The third significant implication of the recent treaty is the most substantive and probably the most important. The treaty is the first among the 27 treaties in the area of IP administered by the WIPO that is of paramount importance to the majority of countries belonging to the Global South, since it touches on their vital interests in a clear manner. The countries of the Global North are the primary beneficiaries of the majority of the rest of the WIPO-administered treaties.

One IP international treaty of a humanitarian nature, namely the Marrakesh Treaty which provides exceptions from IP rights for visually impaired persons, is a significant precedent. It was successfully concluded following the Diplomatic Conference the WIPO convened in Marrakesh, Morocco, in 2012, and the treaty benefits all visually impaired persons worldwide.

The new treaty is expected to provide the legal framework needed to ensure tangible economic and cultural benefits for countries in the Global South in general, as they possess a large percentage of GRs and associated TK. These countries have been heavily involved in drafting and seeking legal recognition of patents in several vital fields, including many in the area of pharmaceuticals, which provide protected IP rights to both individual innovators as well as corporate bodies that are usually located in the Global North.

In the past, the countries that were the origin of the GRs or the associated TK did not enjoy any moral acknowledgement, legal protections, or economic benefits from other parties exploiting them. In order for them to benefit from the new treaty, it has to be ratified by at least 15 countries. It will enter into force only for those countries that ratify or accede to it.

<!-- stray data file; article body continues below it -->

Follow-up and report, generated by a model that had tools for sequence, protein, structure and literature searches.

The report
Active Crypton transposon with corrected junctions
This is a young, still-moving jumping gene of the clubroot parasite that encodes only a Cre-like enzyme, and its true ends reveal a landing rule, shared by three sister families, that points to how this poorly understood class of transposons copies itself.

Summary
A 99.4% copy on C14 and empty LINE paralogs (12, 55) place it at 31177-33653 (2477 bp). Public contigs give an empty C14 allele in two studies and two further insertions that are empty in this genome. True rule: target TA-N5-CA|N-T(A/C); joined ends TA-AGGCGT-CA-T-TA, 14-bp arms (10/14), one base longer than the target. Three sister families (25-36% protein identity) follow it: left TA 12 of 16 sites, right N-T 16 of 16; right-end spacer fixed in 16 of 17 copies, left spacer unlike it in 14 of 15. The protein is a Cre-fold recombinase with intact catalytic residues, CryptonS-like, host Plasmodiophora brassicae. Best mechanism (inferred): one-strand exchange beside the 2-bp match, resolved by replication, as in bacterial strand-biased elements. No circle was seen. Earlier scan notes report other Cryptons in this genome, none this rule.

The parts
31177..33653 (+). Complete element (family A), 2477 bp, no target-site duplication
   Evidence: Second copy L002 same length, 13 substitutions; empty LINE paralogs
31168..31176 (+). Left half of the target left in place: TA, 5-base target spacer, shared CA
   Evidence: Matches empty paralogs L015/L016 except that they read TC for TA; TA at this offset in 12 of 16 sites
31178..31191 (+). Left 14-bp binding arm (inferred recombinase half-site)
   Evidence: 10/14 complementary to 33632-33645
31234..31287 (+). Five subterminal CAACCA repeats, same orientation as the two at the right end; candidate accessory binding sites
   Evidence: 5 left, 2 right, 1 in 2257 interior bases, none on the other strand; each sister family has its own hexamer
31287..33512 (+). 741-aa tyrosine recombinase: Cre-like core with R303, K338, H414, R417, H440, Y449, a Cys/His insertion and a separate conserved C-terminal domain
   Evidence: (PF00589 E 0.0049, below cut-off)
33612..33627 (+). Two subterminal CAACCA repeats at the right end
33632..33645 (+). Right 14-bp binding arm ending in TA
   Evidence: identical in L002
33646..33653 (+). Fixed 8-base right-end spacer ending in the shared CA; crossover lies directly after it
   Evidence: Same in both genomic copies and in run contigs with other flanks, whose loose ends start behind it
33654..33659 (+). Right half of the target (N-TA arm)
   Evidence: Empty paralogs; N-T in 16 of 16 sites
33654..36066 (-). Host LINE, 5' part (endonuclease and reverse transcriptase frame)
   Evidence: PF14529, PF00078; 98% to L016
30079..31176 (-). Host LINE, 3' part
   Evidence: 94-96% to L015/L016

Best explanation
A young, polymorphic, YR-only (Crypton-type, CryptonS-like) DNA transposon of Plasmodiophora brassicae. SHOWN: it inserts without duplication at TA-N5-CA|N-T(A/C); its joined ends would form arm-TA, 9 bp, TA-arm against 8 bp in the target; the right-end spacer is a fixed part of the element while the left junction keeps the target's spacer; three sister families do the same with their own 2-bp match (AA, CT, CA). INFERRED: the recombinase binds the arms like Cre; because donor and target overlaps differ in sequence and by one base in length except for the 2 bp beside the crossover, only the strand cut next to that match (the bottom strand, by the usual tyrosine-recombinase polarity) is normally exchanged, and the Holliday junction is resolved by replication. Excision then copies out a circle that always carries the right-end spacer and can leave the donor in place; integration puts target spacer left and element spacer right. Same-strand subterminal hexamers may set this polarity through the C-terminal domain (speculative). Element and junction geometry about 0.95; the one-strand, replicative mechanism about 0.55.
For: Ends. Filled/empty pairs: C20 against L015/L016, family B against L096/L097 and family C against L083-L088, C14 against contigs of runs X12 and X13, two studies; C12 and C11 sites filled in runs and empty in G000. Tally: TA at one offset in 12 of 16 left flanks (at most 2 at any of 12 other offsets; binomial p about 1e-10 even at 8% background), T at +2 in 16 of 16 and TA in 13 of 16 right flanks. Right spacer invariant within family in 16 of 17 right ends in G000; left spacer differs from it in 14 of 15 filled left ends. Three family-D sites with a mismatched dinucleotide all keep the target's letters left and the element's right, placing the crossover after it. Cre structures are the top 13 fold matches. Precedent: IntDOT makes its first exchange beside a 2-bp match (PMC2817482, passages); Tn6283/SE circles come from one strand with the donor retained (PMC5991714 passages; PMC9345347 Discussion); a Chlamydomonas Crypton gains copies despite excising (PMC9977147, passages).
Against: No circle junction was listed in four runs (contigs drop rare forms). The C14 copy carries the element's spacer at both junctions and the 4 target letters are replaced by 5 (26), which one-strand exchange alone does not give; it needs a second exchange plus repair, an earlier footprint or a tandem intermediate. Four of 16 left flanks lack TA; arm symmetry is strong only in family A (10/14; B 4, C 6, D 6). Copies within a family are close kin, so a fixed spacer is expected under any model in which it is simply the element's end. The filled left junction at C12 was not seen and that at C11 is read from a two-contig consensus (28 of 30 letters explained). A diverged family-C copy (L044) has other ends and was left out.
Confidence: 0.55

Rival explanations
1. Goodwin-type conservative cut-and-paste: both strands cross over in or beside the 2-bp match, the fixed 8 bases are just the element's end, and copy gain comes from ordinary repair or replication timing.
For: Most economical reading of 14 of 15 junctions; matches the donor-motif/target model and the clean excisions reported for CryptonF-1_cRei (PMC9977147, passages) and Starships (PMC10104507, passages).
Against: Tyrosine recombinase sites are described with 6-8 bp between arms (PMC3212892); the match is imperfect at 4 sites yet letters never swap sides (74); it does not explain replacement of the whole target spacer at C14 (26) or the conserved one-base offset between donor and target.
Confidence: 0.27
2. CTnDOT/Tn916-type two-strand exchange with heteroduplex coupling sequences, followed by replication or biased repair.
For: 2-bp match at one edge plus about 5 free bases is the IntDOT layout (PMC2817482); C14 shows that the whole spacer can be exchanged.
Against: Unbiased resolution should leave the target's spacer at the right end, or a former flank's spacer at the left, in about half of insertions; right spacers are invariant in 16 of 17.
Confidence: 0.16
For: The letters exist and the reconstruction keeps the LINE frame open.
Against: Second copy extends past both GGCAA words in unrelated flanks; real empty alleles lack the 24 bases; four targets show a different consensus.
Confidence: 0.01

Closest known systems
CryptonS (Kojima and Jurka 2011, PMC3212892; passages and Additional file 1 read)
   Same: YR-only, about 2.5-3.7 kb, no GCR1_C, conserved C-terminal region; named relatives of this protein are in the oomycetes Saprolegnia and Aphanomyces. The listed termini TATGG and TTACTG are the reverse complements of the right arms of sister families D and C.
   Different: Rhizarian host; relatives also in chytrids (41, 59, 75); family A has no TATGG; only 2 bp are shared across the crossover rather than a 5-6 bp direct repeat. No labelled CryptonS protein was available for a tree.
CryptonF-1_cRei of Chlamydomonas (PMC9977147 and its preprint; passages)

It is true that the new treaty is the outcome of a long negotiating process. As a result, the countries of the Global South had to make some compromises and probably did not secure all their demands. However, the treaty still constitutes a significant achievement in the area of IP, GRs, and associated TK that could be further built on in the future.

Fourth, the new treaty has a particular characteristic that was also part of the negotiating process leading to its finalisation in that it provides observer status to the representatives of NGOs and civil society organisations that represent indigenous populations and local communities in a number of Member States. In the text of the treaty itself, the same status of “observers” is accorded to these NGOs and organisations in the context of the new General Assembly that will be established to supervise its implementation, and they will also be responsible for finding further ways and means of developing and considering its possible revision in future.

The role of the representatives of indigenous populations, where these are recognised by the laws of their countries, was instrumental in the long negotiating process, together with the governments of Member States. The final outcome of this process, as included in the text of the treaty, provides benefits to those populations and communities in cases where they are recognised by the governments of their countries, alongside the benefits accrued to them.

It would be impossible to conclude without acknowledging the role played over the years by two outstanding Egyptian experts in the area of TK, GRs, and folklore who not only made an excellent case in defending the interests of Egypt but were also vital in elaborating the positions of the Arab world, the African Continent, and the whole Global South in the negotiating process leading up to the new treaty.

I refer here to the late Ahmed Morsy and Hassan Badrawi. The latter played an instrumental role in the successful conclusion of the treaty at the recent Diplomatic Conference.


*The writer is a diplomat and  commentator.

* A version of this article appears in print in the 27 June, 2024 edition of Al-Ahram Weekly